I don't think that "it has been decided that it might offend Japanese people"; it does offend.

The weight one should give that and the action (or inaction) one should take in response may well be up for debate. But that the work is offensive to some (whether understandably or not, depending on your perspective) is not.

"To each their own" may work in the abstract, but ballet companies have to make concrete decisions about which works to stage and how.

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7 hours ago, nanushka said:

"To each their own" may work in the abstract, but ballet companies have to make concrete decisions about which works to stage and how.

...and they do.

It occurs to me that Bugaku is one of those works that could really benefit from the digital age - NYCB should create a first-rate film of Bugaku that can be watched on Marquee TV and the like, with the necessary host introduction and per-performance discussion of issues surrounding the production. That way the ballet is given a proper context, and can be examined on various levels. And the video itself could have some kind of warning/disclaimer to keep the kiddies away.   ;)

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I think some of the lesser performed Balanchine ballets suffer from the fact that the choreographer was so prolific and efficient. There are so many great, non-problematic Balanchine ballets for companies to choose from. In fact Merrill Ashley in her recent interview with Megan Fairchild lamented how Ballade has become sort of a lost Balanchine ballet as performances become rarer. Merrill says companies ask for Ballo della Regina and she wants to advocate for Ballade. 

I do think that Bugaku could benefit from a Very Special Presentation -- a one and done affair, with Allegra and Eddie coaching the roles, and then a digital video performance, and a discussion on yellow-face afterwards.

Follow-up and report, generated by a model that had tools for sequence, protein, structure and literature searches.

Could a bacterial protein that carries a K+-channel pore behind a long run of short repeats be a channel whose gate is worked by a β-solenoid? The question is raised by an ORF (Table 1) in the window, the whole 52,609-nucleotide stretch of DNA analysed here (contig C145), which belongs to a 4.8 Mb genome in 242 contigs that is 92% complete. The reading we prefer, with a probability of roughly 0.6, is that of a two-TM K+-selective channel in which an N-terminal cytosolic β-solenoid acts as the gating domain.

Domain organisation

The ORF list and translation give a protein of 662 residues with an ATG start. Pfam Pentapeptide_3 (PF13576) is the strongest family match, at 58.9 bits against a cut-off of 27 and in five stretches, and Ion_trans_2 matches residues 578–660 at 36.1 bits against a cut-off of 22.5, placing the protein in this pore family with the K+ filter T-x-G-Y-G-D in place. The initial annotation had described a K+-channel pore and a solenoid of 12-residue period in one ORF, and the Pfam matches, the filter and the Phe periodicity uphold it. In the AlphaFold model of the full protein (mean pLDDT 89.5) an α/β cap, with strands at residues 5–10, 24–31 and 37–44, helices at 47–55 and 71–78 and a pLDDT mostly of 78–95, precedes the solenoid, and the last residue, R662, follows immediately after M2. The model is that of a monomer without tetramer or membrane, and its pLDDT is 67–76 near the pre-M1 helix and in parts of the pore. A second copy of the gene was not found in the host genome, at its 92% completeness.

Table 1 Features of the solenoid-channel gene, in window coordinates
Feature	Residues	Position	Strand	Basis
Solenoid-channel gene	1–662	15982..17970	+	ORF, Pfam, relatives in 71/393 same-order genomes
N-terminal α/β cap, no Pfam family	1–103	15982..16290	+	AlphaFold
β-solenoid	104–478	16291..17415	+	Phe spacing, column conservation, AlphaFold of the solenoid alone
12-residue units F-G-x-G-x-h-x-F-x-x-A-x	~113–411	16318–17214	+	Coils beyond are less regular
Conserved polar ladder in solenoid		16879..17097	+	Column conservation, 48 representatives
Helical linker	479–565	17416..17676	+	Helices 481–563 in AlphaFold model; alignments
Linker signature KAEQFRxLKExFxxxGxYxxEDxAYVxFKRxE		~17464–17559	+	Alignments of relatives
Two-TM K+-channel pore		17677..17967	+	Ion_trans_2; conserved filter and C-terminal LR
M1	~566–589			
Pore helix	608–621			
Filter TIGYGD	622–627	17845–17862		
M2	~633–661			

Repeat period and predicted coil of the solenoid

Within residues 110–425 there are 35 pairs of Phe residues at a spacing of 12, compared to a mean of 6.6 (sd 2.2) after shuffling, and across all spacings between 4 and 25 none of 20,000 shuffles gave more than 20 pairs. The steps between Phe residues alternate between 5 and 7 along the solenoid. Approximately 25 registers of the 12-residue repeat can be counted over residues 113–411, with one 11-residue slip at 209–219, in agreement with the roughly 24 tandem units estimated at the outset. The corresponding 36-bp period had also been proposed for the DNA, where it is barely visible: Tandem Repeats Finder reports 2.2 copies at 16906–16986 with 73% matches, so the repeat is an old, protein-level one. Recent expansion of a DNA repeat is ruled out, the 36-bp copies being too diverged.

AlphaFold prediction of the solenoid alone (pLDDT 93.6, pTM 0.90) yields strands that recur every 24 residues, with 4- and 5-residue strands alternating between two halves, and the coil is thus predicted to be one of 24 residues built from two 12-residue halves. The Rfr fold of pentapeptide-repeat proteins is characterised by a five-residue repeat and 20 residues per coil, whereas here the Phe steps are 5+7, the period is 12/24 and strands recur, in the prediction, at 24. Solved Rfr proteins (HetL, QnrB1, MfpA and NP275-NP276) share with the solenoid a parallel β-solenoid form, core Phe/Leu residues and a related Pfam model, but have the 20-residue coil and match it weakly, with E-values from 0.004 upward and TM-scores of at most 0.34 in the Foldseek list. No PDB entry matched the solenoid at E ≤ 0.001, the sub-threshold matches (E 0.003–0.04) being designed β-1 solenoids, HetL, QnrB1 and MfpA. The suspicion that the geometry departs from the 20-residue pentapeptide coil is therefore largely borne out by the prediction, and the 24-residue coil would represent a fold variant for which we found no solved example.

Or it could be presented in a festival of Lost Balanchine Ballets. We could see Bugaku with Figure on the Carpet, the original 1945 Mozartiana, Caracole, The Card Game ...

One can wish.

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miliosr, who was the writer of the 1984 Dance mag article? A staff member? a stringer?

pherank:

Quote

This begs the question: what visual references or cues should an artist use when trying to work with Japanese-specific dance movement? Which aspects are OK to investigate and which are not?

Respectful or playful references are ok – like the ones Degas, Van Gogh and the Nabis (Vallotton, Bonnard, Denis) painters made to Japanese woodblock prints. Which became major innovations in European painting, lessons on flattening the surface plane and activitating the edges of the picture. 

Or the give and take among filmmakers; for example between the 1960 Magnificent Seven and Kurosawa's Seven Samarai and before that between Kurosawa and John Ford.

Bugaku doesn't seem to be an homage but an inadvertent caricature of a serious Japanese genre. Balanchine's mind probably was on expanding the vocabulary of Agon – almost to the breaking point – making sexually explicit what was implicit the first time around. He doesn't seem to have been focused on subtle connotations of his source material. 

For reference, according to Wikipedia, bugaku "is marked by its slow, precise and regal movements ... Its descriptions often use natural metaphors to describe how their movement should be. For example, the dancers might be encouraged to be like a tree swaying in a cool breeze. ... Bugaku court dance draws heavily from the Buddhist imported culture, but also incorporates many traditional Shinto aspects. These influences eventually mixed together and over the years were refined into something uniquely Japanese, bugaku."

Edited by Quiggin
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People following this thread may find this article of particular interest:

‘Soul’ Features Pixar’s First Black Lead Character. Here’s How It Happened.
Mindful of animation’s history of racist imagery, the studio aimed to make the jazz pianist at the center of the film as specific as possible.

'Murray said Pixar recognized that “if Joe’s going to be Black, we’d need a lot of help,” She said Britta Wilson, the company’s vice president of inclusion strategies, helped build an internal “Cultural Trust” made up of some of the studio’s Black employees, a group that was diverse in terms of gender, jobs and age...'

'...He recalled that the individual consultants brought a range of viewpoints: “We’d have 20 Black people in a room: We’d ask a question and get 20 different answers.” Their debates sometimes “broke along generational lines, which was interesting: Things I think are fine may seem offensive to the younger generation. Everyone had a different take, which made the job exponentially harder, but that care was needed.”'

https://www.nytimes.com/2020/12/22/movies/soul-pixar-disney-black-characters.html